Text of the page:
Tennis Psychology: Rafa Nadal – The Champions Pain!

Tennis PsychologyTo see a great sportsman at the peak of his or her powers, is one of the reasons why top level sport can be so compelling. By the same token, it can be painful to witness a sporting great searching for one of their superpowers. And so it was with Rafael Nadal at the All England club yesterday.

Rafa’s opponent, Dustin Brown, whilst talented, had only won four times previously at Wimbledon. But short of the vital champions currency of confidence and self-belief, Rafa was pushed aside by Brown playing the match of his career.

Nadal didn’t fall short through lack of will, endeavour and desire. That would be impossible as those qualities are engraved into his tennis playing soul. No. It was more a case of what happens when a champion can’t perform at the level that he is used to. The level that has made him such a formidable opponent and fans favourite.

Nadal was searching for that champions feeling that has seen him win so many games when not as his best. But the feeling wasn’t there. Short of gold dust, it’s very hard for a champion when they feel ordinary. It’s not normal!

Why have the tennis gods deserted me? And how can i woo them back? This is the champions dilemma. And one Tiger Woods is familiar with. When you are so used to playing at a base level of 8/10, it is very difficult to get a feeling for your game, when you are strugglig at a 3 or 4/10.

The things which were once second-nature, are now hard work. The sense of timelessness you had in the big classic finals, is a distant memory. Now the game feels rushed and out of rhythm.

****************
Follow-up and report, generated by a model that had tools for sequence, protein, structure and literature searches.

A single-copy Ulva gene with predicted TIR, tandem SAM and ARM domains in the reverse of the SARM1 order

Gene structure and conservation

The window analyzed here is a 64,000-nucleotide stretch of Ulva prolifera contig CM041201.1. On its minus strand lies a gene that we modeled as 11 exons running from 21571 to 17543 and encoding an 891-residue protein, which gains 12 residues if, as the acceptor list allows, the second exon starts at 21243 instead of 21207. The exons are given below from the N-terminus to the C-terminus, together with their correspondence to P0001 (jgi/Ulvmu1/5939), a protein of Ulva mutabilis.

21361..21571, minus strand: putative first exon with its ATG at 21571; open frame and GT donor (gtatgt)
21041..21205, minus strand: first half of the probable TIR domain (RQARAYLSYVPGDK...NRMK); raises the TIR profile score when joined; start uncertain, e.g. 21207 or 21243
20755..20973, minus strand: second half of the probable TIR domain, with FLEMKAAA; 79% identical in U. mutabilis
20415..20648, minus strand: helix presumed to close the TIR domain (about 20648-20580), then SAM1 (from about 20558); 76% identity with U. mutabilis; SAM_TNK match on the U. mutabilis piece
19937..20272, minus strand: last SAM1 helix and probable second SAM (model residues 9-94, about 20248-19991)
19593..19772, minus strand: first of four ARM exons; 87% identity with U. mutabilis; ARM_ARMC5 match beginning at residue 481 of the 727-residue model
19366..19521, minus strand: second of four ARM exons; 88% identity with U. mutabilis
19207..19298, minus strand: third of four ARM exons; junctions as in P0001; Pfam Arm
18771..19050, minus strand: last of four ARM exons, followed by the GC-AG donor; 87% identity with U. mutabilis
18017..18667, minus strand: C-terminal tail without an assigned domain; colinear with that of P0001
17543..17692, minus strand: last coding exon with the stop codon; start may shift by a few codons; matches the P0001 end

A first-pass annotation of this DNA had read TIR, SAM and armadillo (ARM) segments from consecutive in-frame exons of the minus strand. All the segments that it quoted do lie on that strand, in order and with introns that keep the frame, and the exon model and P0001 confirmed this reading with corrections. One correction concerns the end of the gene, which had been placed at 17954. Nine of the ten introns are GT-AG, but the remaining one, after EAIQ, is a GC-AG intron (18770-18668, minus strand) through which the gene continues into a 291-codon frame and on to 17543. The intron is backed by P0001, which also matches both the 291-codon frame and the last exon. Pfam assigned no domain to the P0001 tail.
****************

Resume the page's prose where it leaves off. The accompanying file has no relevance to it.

And with the lack of rhythm the doubts start to creep in. Doubts that were non-existant in the Championship winning days. Now doubts grow across the basic areas of your game like a virus. And you don’t know how to stop it. Because it is not familiar. This is the champions dilemma.

The press start to write your sporting obituary. Maybe you believe some of it yourself. But Rafael Nadal, if he is still physically in top shape, should not buy into any of it.

Roger Federer is currently demonstrating that age is no barrier to supreme excellence. Rafa may have to find a slightly different way of playing that crystallizes his tennis knowledge and experience, with a style of playing that is kinder to his body.

And for a time he may have to adopt the role of the hungry underdog as he pits his wits against the top players. But there is one thng a champion craves more than anything else.

And that is to experience more of those magic moments when they are with the tennis gods. When they are hitting shots that they don’t know even know how they made them. When the ball is as big as a football. When time slows down so that you are playing in slow-motion. When you experience these not-normal moments, you are as alive as it is possible to feel.

And its the yearning and need to experience such moments again , that will drive Rafael Nadal forward. As the virgin Queen Elizabeth The First said on her death-bed, ‘I will give all my earthly jewels, for another precious moment of life’.

Posted in Sports Psychology Blog, Tennis Psychology.